Housing strengthens Residential investment rose by 13.4% in the second quarter (contributing 0.40 percentage points to quarterly growth), compared with a downwardly revised gain of 12.5% in the first quarter. We continue to believe that the housing industry, which is now two years off its trough, is one of the U.S. economy's true growth engines, with a sustainable multi-year recovery still on the horizon.
Huge capex bounce Real business fixed investment rose by 4.6% in the second quarter, which was a sizable rebound from the downwardly-revised 4.6% decline in the first quarter. Business equipment and software spending rose by 4.1% in the second quarter, compared with a downwardly revised first-quarter gain of 1.6%. Business structure investment — such as factories and office buildings — was the biggest delta, rising by 6.8% in the second quarter, compared with a downwardly-revised collapse of 25.7% in the first quarter. As part of the BEA's historic revision and change in methodology, intellectual property was added to this category, gaining 3.9% in the second quarter, essentially flat with a 3.8% first-quarter increase.
Inventory rebuild starts The inventory liquidation and restocking cycle that we had thought would commence in this year's second half apparently already started in the first half, adding 0.40 basis points to the second-quarter’s GDP growth. The pace of inventory restocking rose to $56.7 billion in the second quarter, compared with an upwardly revised $42.2 billion in the first quarter and a downwardly-revised $7.3 billion in last year's fourth quarter. Businesses started to see stronger end-market demand at a time when they were intentionally liquidating their inventories, and it was inevitable that inventories would eventually need to be rebuilt.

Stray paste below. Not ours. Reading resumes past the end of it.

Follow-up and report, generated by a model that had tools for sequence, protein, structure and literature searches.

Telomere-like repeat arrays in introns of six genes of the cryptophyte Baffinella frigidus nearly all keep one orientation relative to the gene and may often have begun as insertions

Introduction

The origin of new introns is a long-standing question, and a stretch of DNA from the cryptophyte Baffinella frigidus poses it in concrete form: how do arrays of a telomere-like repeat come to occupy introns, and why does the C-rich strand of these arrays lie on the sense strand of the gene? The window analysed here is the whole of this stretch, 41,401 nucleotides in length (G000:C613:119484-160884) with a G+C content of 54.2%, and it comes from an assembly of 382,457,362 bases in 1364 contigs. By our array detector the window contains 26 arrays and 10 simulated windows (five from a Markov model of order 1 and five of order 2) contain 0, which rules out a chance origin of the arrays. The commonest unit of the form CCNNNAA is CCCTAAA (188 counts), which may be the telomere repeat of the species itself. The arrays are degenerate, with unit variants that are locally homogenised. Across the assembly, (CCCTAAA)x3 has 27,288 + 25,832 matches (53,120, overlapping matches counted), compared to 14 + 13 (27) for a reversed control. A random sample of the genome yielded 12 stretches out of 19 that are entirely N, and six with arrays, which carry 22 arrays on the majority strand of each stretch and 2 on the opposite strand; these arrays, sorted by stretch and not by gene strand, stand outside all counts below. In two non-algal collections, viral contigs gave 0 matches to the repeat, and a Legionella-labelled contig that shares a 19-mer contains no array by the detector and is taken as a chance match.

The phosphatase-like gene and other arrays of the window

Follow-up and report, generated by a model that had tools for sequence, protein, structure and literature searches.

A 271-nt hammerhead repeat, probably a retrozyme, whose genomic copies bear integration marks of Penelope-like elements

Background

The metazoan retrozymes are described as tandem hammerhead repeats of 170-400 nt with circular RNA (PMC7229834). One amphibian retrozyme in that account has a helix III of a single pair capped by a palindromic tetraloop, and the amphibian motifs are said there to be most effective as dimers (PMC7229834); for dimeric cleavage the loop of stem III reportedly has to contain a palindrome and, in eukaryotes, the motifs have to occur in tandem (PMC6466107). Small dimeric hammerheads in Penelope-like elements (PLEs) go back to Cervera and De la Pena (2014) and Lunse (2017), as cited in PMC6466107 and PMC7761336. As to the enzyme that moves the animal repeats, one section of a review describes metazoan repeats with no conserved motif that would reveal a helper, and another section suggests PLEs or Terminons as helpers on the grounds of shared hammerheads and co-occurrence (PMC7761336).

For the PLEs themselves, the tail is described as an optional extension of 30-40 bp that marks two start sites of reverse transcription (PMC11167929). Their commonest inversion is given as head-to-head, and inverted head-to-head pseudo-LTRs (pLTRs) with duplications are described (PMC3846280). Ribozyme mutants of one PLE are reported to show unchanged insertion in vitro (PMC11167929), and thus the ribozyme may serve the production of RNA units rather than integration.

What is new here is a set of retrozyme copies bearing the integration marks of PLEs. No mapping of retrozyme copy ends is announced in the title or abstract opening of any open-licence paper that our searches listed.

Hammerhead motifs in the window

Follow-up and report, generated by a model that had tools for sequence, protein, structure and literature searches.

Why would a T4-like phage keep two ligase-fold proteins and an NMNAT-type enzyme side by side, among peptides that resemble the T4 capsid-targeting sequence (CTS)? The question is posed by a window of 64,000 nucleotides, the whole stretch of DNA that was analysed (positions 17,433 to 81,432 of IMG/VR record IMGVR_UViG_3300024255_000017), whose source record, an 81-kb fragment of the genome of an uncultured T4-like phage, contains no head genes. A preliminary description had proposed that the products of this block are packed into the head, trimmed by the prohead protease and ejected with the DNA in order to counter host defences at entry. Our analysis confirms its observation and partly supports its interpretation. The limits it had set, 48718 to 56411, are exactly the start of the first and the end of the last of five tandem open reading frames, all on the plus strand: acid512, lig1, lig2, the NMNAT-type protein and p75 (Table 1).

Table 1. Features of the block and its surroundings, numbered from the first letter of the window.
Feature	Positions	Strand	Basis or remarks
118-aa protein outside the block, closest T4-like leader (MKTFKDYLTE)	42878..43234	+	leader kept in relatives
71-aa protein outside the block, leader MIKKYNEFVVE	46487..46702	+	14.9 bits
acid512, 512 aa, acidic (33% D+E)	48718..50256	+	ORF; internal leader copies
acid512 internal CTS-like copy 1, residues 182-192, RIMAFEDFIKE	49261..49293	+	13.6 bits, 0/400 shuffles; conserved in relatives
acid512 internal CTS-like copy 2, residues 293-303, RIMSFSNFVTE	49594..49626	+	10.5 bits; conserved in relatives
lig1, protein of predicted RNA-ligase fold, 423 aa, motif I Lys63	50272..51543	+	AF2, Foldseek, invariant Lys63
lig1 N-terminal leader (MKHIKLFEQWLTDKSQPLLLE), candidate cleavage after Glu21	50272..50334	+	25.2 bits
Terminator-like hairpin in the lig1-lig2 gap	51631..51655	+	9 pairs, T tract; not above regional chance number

Trade deficit widens The stronger U.S. dollar versus the euro, yen and pound, in conjunction with weaker overseas economies, combined to subtract 0.80 percentage points from second-quarter growth due to a wider trade gap. Exports increased by a solid 5.4% in the second quarter, compared with a first-quarter decline of 1.1%. But import gains solidly outstripped the rise in exports, with a strong increase of 9.5% in the second quarter, compared with a muted 0.6% first-quarter bump.
Decline in government spending slows While total government spending, which accounts for about 17% of total U.S. GDP, fell for the eleventh time in the past 12 quarters, it is declining at a decelerating annual pace of only 0.4% in the second quarter, compared with sharper declines of 4.2% in the first quarter and 6.5% in last year’s fourth quarter. But state and local spending actually increased at a modest 0.3% rate in the second quarter, as municipal budgets (with the exception of Detroit) now find themselves in much better fiscal shape today than just a few years ago, and states and cities are finally starting to re-hire teachers, police, fire fighters and nurses with their newly balanced and flush budget outlooks. Federal government spending, however, dropped by 1.5% in the second quarter, as the automatic across-the-board spending sequester is continuing to cut defense outlays.